• If not for love, we would be naught but the wildest animal.

      I can see why this story would win first place. A very touching and moving story.

    • I remember the tears I had when I first read this, “A” has to be the worst that could fall upon someone and that someone’s family. Isn’t good that writing is such good therapy, even when not a single soul reads it.

    • Gully:I read this story when you published it during our first time with Ann.
      It was beautiful. sentimental and loving then as well as it is now. A classic that will live forever.

  2. This topic requires quite a delving into one’s heart and I’m not too certain if I’ll like what I unearth. That said, Ann, I’ll give it a go 🙂 if the end result proves adequate, I’ll post it and let you have a read.

  3. How fine to read about the journey you’ve taken, and how you found a way to conceptualize nearly all of your adult years into sense and meaning. This is, indeed, an Ode to Joy–to joy in living, in spite of life’s often slamming agonies. I shall be printing this out to keep, Gullie, as I wander into the nether years and look for balance. Thank you for sharing it.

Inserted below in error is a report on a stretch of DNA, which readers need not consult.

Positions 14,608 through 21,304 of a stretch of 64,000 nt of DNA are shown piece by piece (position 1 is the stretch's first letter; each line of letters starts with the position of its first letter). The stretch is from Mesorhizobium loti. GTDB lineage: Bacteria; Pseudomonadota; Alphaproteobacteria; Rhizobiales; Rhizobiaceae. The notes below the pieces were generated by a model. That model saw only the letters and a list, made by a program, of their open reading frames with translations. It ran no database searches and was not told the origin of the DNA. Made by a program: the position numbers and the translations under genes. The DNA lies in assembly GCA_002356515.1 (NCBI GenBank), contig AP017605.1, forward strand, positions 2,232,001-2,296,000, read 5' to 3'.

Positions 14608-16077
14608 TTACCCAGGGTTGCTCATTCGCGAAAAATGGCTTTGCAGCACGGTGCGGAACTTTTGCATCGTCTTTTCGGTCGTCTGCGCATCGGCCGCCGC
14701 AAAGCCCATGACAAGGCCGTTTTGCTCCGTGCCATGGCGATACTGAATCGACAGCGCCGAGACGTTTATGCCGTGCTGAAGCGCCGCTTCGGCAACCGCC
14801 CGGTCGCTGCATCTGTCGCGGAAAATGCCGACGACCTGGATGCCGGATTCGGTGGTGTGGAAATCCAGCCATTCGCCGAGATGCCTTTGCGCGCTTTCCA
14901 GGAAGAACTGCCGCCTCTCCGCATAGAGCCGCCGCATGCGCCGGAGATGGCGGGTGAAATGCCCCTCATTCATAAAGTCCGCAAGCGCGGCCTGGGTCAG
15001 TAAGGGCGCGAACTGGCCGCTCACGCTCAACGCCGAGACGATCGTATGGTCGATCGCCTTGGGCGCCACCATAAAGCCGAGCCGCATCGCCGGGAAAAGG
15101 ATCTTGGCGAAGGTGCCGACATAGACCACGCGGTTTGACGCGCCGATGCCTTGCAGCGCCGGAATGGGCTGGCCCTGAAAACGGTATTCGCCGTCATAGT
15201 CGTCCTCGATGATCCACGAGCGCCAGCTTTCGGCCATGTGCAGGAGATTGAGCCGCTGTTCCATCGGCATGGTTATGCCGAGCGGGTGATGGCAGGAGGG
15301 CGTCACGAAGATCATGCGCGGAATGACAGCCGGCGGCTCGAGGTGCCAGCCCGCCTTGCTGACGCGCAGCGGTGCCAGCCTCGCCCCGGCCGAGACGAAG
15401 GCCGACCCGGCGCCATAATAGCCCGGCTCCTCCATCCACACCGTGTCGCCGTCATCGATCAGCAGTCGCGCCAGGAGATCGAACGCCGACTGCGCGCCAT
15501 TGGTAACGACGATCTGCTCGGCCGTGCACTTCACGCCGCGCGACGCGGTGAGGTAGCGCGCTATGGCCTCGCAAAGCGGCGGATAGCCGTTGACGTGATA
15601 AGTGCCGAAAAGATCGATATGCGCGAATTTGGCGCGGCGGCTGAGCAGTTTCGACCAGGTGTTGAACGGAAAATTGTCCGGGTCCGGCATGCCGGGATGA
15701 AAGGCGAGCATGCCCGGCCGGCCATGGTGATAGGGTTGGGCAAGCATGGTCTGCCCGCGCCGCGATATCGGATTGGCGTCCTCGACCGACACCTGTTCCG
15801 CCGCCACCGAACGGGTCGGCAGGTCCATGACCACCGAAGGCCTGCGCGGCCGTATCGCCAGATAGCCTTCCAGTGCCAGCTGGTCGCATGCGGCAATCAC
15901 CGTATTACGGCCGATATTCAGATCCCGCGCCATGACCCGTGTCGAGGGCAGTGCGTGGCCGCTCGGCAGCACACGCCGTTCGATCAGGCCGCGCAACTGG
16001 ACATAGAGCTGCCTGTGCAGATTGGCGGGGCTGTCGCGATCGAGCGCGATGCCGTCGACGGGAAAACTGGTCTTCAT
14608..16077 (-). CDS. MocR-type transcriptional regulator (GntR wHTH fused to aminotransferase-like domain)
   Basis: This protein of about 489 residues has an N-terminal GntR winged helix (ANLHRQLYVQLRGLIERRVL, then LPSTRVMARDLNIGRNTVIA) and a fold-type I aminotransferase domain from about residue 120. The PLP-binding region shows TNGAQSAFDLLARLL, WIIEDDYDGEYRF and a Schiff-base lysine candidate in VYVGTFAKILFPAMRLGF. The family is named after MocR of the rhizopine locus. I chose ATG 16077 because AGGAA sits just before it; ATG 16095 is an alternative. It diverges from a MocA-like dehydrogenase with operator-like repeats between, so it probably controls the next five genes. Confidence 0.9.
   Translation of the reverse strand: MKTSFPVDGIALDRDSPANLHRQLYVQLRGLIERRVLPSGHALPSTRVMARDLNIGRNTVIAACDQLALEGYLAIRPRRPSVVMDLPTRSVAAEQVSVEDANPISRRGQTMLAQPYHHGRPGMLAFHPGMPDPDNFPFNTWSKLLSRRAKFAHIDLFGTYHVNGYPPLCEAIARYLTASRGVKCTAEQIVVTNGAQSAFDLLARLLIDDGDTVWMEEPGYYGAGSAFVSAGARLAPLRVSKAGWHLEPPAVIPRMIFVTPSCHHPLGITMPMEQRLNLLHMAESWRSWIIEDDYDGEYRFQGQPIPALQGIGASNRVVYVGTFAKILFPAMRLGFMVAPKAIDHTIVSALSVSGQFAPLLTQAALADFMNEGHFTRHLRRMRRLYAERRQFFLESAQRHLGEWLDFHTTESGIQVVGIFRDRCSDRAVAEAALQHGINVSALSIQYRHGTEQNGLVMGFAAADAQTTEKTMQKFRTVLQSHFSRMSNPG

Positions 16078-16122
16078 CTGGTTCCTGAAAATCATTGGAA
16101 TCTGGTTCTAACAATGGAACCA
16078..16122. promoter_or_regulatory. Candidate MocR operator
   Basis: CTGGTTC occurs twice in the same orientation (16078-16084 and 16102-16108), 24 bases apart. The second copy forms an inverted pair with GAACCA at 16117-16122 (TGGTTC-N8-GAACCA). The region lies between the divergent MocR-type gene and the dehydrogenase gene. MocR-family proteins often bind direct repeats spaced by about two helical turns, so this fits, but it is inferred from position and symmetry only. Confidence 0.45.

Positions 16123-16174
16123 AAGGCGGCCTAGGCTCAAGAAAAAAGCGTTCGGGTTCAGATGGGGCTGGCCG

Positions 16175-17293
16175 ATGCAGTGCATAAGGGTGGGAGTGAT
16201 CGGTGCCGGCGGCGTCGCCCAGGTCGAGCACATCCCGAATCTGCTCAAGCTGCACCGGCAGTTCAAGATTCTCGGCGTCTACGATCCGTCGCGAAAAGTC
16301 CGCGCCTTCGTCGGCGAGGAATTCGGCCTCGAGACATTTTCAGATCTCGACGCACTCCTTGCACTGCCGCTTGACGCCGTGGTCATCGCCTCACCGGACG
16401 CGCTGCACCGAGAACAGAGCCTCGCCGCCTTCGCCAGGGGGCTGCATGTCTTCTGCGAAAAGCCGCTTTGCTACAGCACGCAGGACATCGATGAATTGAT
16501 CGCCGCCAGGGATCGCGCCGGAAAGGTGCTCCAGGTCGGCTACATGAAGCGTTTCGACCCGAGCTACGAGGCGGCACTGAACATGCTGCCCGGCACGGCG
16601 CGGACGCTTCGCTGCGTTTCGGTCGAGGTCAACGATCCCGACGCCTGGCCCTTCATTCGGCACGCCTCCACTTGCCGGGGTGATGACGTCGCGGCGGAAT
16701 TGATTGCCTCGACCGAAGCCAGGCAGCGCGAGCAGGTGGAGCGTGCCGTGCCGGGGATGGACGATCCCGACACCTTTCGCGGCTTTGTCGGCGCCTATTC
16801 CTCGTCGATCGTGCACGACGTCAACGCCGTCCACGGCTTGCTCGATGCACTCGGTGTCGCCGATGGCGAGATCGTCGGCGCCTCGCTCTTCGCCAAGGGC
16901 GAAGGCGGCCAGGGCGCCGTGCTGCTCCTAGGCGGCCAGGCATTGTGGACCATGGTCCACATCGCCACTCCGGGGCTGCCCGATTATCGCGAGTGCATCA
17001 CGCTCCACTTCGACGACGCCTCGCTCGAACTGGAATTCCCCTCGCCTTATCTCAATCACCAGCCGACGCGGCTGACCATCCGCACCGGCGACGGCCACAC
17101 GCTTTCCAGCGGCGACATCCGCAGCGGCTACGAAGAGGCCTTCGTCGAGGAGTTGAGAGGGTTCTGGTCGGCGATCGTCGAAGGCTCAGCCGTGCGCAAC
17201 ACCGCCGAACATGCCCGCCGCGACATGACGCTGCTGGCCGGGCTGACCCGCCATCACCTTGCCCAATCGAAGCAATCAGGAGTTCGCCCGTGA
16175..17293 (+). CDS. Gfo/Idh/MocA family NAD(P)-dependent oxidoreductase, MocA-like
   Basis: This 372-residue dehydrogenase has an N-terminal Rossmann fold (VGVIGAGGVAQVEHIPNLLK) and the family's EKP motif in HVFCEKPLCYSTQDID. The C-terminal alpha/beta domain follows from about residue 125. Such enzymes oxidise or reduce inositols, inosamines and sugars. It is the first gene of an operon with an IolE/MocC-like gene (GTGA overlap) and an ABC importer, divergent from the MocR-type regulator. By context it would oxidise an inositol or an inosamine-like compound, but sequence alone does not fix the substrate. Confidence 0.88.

4. unable to paste my story here. Guess I have to write it again.

  5. Ode to Joy
    I don’t want to write about my struggle with life tragedies. It makes me sad to think about them and they stir memories that I prefer not to bring up.
    Instead, with your indulgence, I would rather write about my struggle with the violin I inherited from one of my cousins, and with my mother, who wanted me to become a musician, in addition to becoming a doctor or an engineer. As most mothers do, she had the vision of a perfect son.
    ***
    My mother, with the help of some political connections, managed to secure me a spot for admittance in the National Conservatory of Music which was the most prestigious institution in Cuba for the learning of this art.

    The Conservatory was located in a two story beautiful building with a white façade. Inside, there was a round white marble lobby from which you could see the open square courtyard with a water fountain in the center. Around the courtyard, were the classrooms with their doors closed.